The oldest information about the Jewish settlement in
Bełchatów quotes seven persons living there in 1764.
This could be one family. But who were these people?
Unfortunately, the above-mentioned source gives no names,
only the number. Historians did not however check the
old record books from Bełchatów. The registers for non-Christian
citizens, which were established in 1809 (separate ones
for Jews were initiated in 1826), show surprisingly many
Jewish names, which can only indicate that several Jewish
families already lived in town. Among the civil records,
for example, there is a death record for Jakob Salmowicz
from 1811, the 70 year-old father of the local rabbi,
Lewek. Most probably Jakob had lived there for several
years before he died in Bełchatów!
The oldest surnames mentioned in the earliest records
are Konzens, Cwilik, Markowicz, Ambramowicz, Kusy, Rzeslawski,
Birnbaum, Sztatlender, Szarpanski—all appeared
in documents from 1809 to 1811. The professions of the
first (known) Jews are tanner, inn-keeper, or trader,
and all of them traditional and typical for shtetls in
The name Bełchatowski appears in civil records of Bełchatów
in 1824 for the first time (a newborn Dawid). Later more
Belchatowskis appeared in nearby Piotrkow which would
explain why the newcomers from Bełchatów received this
name Belchatowski (it means “from Bełchatów”).
As there is only one Bełchatów in Poland, this surname
It is important to underline that all this does not refer
to Grocholice, a small village just two miles away and
a separate kahal, which had a different administration
(now it is a part of Bełchatów).
Although Bełchatów was mentioned 1391 for the first time
in historical documents, it remained a small settlement
for 400 years. The bad quality of soil, little natural
water, no roads connecting it to more important cities
nearby, created a very poor economy and made life very
difficult. With the exceptions of a few peasant families
who had lived there in very primitive conditions, there
was nothing which could attract newcomers or improve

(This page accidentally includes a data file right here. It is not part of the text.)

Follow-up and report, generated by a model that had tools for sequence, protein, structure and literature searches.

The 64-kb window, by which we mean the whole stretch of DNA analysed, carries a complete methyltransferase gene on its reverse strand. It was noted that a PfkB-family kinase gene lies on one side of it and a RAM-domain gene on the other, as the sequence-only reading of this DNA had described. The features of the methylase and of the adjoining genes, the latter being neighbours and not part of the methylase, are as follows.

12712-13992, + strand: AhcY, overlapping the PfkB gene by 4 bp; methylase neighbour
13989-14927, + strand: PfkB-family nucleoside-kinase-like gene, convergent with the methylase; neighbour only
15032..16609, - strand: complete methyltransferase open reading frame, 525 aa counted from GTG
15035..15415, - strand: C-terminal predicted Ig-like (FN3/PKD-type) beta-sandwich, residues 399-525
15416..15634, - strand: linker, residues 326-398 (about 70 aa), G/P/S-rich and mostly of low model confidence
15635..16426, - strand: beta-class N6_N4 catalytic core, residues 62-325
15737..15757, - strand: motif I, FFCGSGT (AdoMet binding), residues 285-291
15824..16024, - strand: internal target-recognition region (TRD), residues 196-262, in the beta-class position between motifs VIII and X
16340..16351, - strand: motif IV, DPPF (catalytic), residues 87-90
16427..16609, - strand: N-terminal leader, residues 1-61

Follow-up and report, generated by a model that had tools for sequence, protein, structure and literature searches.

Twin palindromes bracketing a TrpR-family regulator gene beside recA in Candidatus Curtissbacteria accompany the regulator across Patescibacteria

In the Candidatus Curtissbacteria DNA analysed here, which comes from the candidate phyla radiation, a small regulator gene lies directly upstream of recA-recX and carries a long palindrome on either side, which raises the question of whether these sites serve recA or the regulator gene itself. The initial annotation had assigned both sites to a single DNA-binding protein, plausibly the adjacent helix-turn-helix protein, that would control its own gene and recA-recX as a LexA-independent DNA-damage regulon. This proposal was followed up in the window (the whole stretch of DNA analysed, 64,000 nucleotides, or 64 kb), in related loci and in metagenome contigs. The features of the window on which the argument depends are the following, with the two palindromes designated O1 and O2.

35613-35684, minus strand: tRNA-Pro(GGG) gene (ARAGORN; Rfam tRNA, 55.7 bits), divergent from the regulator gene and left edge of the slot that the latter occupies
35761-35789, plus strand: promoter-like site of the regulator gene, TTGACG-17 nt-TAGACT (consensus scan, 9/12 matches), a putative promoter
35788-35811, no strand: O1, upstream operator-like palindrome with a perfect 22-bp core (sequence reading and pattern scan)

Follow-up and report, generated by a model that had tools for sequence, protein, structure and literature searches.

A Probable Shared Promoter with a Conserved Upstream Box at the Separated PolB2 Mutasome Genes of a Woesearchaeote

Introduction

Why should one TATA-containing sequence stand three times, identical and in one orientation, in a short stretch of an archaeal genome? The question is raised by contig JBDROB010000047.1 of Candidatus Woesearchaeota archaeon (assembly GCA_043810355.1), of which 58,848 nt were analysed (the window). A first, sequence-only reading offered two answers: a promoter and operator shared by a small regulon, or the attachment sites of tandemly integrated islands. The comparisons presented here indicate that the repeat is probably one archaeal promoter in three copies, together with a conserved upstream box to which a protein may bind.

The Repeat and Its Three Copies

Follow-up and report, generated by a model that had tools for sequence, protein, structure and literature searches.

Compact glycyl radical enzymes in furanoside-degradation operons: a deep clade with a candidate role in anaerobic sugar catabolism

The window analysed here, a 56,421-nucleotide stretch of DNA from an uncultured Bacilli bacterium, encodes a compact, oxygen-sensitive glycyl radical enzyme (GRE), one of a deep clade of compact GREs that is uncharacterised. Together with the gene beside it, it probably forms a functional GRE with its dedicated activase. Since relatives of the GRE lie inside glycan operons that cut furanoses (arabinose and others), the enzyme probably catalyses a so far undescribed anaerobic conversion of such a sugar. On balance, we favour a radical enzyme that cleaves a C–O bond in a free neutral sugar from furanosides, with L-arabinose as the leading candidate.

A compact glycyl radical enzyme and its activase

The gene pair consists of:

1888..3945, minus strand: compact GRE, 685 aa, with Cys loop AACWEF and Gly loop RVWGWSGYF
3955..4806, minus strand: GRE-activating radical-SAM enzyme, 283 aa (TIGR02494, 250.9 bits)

living standards. Members of the Kaczkowski noble family,
owners of Bełchatów (their renovated manor is now a local
museum), looked for various possibilities for an improvement.
The real impetus came in the 1820s as a weaving industry
started to boom in this area. Jews were very welcome
to settle in Bełchatów, and their number grew rapidly,
as well as the percentage of the total population (in
1860 already 76% of 1500 inhabitants were Jewish). They
came generally from other Polish towns situated to the
west (such as Zdunska Wola). Most probably the close
distance to the new flourishing center of the cotton
industry (production and trade) in Lodz motivated them.
Leon Kaczkowski supported the newcomers, offering lots
to build houses on around the Stary Rynek (Old Market),
space for a synagogue, a cemetery, and a primary school.
In 1842, among the nine owners of weaving manufactures,
there were three Jews, one Pole and five Germans. By
1867, Jews owned 13 of 16 textile factories in Bełchatów.
Jews were not only wealthy owners of the industry, but
first of all, workers, who were very badly paid. They
worked either in factories or at home, if they managed
to possess a weaving mill. At the end of the 19th century,
Bełchatów had 32 textile factories (some of them were
In 1921 Bełchatów had more than 6,000 inhabitants (59%
were Jewish), and got back its municipal rights in 1925
(after being lost in 1869 as a revenge of Tsarist rulers
after the uprising 1863). Thirteen of 25 city councils
were Jews. All possible Jewish streams, both social and
political were represented in Bełchatów, from the Orthodox
Chassids to agnostic Jews who became members of the Socialist
(and even secretly because it was officially forbidden)
or Communist party.
In September 1939 Bełchatów was invaded by the German
army and included into the so-called Warthegau, a province
of the Third Reich. Soon many transports of stateless
Jews expelled from Germany were brought to Bełchatów,
which was declared “a Jewish city” in 1941
(Jüdische Stadt). 5,500 Jews from Bełchatów and
surrounding cities were squeezed into the unenclosed
ghetto. The liquidation of the ghetto began in August
1942, when a smaller part of the inhabitants were transported
to the Litzmannstadt Ghetto and the larger part to the
concentration camp Kulmhof (Chelmno nad Nerem) where
they were murdered in vans.
Only 1% of the Bełchatower Jews survived the war (in
hiding or in concentration camps). They all decided not
to stay and emigrated to various countries around the
world or to the newly established State of Israel.
Today Bełchatów has more than 60,000 inhabitants. After
reserves of brown coal were discovered in 1960, a huge
mine and a power plant were built.
Today no Jews live in Bełchatów.